The iconoclastic Carlo Brandelli has carved a unique career in the creative sphere that effortlessly pivots between art, fashion and design. Initially blazing a trail in the early 90s at the helm of game-changing concept space and ideas incubator Squire, he has since spearheaded industry-defining menswear (his ‘unstructured suit’ was exhibited at MOMA in 2017), and has had various sculptural interventions exhibited at some of the world’s most prestigious art galleries and cultural events, such as Frieze and Pitti Uomo. Here, he tells Collective Culture how a childhood steeped in the mysteries of Catholicism spurred a passion for ideological purity in design, and tells us why his most recent artistic collaboration with Wilczynski turned out to be eerily prescient of the current global situation.
Can you pinpoint anything in your childhood that turned you on to a career in art and design?
I'm Italian, and was brought up Roman Catholic, so my earliest memories are really of being in The Church, and that made me very aware of some kind of positive or spiritual energy from a very young age. As a child, I was acutely aware of how it felt to be in that space. I would look at the shapes of The Cross, and what people were wearing, and I would be constantly thinking about the surroundings and the energy of the space, without understanding what it all actually meant–so, shapes, colours and a profound sense of ceremony have always been important to me. I have never really believed, as such, but, in a sense, I do believe that everything we see, if we have an opinion about it, is informed through some kind of spiritual ideology–and that is never conscious, it's unconscious, and just kind of instilled in the mind.
How does spirituality play out in terms of your design practice?
I think what religion, and something like the discipline of Tai Chi (which I have practiced since I was a teenager) gives you, is a route to understanding fundamental truths. The only ones that are actually important–love, compassion, understanding, and things like that, not material possessions, or what you think you should or shouldn't do because you've got a commercial deadline. Because of that, I’ve never been someone to fit into some kind of material, capitalist idea of what design means. Everything I do is positive, and I will only work with people that employ me to do things that they like about my work, so that I don't have to bend, or change what I do. With everything that I create, I'm in 100 per cent, because anything less just isn’t truthful, for me. I believe what we call spirituality is instinct, and I fundamentally believe that there is a right thing, and that that right thing is absolute, and that people instinctively know what it is–my design practice is very pure, in that sense.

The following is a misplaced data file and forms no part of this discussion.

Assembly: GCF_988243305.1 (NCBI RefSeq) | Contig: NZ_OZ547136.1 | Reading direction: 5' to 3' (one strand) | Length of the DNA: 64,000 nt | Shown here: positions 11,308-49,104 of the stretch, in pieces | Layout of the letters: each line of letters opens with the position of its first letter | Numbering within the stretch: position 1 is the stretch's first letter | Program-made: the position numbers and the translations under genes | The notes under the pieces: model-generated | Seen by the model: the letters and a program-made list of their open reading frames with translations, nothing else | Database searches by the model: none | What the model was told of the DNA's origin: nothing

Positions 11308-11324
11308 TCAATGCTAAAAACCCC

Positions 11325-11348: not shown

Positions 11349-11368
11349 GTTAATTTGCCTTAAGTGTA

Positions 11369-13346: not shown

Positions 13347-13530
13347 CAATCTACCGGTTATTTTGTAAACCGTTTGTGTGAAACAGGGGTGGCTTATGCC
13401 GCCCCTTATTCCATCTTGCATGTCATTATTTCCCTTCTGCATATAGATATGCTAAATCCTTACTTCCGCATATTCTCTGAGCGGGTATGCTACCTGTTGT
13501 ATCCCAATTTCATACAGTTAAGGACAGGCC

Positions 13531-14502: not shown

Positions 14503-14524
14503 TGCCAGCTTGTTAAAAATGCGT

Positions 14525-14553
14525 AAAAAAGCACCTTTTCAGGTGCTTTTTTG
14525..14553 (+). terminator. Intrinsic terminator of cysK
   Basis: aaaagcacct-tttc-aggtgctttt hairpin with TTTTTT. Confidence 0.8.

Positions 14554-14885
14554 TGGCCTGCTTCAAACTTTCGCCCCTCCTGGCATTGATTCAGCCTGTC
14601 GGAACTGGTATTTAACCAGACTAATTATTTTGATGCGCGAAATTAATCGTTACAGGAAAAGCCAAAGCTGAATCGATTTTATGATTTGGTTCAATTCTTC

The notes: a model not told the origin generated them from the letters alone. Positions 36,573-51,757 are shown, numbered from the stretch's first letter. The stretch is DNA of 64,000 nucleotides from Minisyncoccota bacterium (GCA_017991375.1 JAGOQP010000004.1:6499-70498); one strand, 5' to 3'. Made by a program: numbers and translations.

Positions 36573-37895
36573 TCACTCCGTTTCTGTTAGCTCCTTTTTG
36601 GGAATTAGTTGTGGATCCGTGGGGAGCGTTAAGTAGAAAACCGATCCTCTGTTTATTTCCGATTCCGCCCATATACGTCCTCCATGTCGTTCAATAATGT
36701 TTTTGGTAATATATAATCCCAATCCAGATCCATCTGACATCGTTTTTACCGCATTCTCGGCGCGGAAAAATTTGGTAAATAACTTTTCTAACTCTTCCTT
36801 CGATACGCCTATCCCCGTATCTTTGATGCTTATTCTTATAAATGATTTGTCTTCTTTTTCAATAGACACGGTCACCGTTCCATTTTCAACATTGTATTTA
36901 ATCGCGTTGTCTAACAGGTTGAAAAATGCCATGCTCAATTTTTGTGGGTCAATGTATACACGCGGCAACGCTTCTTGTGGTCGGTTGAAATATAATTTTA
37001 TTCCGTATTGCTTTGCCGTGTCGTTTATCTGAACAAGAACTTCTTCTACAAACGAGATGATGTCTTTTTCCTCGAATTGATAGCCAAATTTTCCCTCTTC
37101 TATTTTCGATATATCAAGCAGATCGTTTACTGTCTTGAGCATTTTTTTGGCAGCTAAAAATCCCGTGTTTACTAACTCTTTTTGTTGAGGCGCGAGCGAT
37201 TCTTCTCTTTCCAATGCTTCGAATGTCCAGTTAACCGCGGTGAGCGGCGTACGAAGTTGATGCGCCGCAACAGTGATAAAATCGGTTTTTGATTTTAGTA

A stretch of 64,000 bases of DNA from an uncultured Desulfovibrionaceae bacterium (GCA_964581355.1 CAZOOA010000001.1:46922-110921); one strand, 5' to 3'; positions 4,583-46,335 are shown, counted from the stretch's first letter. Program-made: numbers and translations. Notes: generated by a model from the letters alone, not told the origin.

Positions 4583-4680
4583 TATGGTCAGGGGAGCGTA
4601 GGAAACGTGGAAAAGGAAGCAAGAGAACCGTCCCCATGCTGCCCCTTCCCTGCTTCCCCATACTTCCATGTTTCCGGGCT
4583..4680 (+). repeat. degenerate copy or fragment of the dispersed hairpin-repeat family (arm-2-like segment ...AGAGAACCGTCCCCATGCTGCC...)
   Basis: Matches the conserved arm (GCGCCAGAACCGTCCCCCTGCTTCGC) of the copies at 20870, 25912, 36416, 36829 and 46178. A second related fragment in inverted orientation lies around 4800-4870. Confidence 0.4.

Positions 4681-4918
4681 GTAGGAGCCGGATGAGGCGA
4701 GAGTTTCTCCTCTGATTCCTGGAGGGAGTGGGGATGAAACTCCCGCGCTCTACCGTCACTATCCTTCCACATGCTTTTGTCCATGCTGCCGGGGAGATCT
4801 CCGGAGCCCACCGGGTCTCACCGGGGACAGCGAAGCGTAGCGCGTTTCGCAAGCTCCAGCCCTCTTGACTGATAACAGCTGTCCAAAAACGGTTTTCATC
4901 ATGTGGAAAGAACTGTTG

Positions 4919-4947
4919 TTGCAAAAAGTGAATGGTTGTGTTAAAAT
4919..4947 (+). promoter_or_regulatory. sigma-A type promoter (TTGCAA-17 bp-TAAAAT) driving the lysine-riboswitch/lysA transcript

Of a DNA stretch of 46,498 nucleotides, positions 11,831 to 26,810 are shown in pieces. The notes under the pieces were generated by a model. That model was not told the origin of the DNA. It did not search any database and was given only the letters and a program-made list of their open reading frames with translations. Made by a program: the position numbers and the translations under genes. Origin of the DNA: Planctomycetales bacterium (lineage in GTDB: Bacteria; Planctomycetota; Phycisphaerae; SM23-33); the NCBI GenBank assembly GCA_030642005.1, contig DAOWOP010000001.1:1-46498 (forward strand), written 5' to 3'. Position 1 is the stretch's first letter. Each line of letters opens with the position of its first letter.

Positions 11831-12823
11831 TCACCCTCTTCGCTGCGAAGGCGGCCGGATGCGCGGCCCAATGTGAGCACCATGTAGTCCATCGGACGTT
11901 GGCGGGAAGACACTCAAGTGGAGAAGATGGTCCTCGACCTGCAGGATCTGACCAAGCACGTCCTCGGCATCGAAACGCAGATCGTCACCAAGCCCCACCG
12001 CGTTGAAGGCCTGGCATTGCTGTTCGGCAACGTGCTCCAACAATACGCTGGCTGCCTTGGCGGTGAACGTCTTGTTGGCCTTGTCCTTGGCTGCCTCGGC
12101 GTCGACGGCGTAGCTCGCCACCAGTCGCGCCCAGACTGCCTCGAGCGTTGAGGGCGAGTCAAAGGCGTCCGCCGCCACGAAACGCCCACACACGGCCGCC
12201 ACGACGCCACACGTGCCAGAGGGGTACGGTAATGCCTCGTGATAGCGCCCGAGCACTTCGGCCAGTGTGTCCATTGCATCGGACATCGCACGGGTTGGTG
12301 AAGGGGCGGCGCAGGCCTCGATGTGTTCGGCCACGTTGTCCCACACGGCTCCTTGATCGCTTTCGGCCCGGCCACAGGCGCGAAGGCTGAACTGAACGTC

Who is inspirational to you in terms of the home and interior design?
I have always liked the first minimalist interior designers, who really understood that spaces needed to change, and that a new standard needed to be set. When the minimalist movement began, it was quite shocking this notion that you should eliminate possessions in an interior to free the mind of clutter. Further back than that, people like Carlo Scarpa and Gio Ponti really thought about their work in terms of what they believed in, and political and social ideology. And all of these people were incredibly spiritual. Carlo Molina, for example, had a great belief in the afterlife, and was fascinated by Egyptology. He was making beautiful things whilst being informed by this idea of continuous living, and that nature was somehow important. If you look at his work, it’s very organic and has a deep sensuality–but importantly, it’s also very otherworldly, and will probably not look out of place in 500 years time.
Tell us about your recent art intervention Bound 1 In Liminal Possibility…
My collaboration with the artist Ewa Wilczynski is installation and performance-based and heavily involves ceremony, touch and intimacy, so the piece can't really be performed for the foreseeable future. We performed the piece in London and Paris in January, because I had this real sense of urgency at the beginning of the year that it just had to happen. Every viewer entered the space we created individually, and got to touch the sculptural pieces in their own hands, which, you know, is very, very rare in art. In some ways, it was a very isolated experience of objects and space, which was somehow prescient of how things are going to have to change, at least for the next couple of years. If you're putting objects into an environment now, then either the space needs to be very open plan, with nature flooding in, or you go the other way and create very intimate small spaces, so that in every room you are alone with the products, or whatever it is that you want people to experience, in complete isolation. In a broad sense, safety is going to be the new luxury, and designers and artists are going to have to respond to that.
Credits (Top To Bottom): Portrait by Nick Knight. All images from Liminal Possibility courtesy of the artist.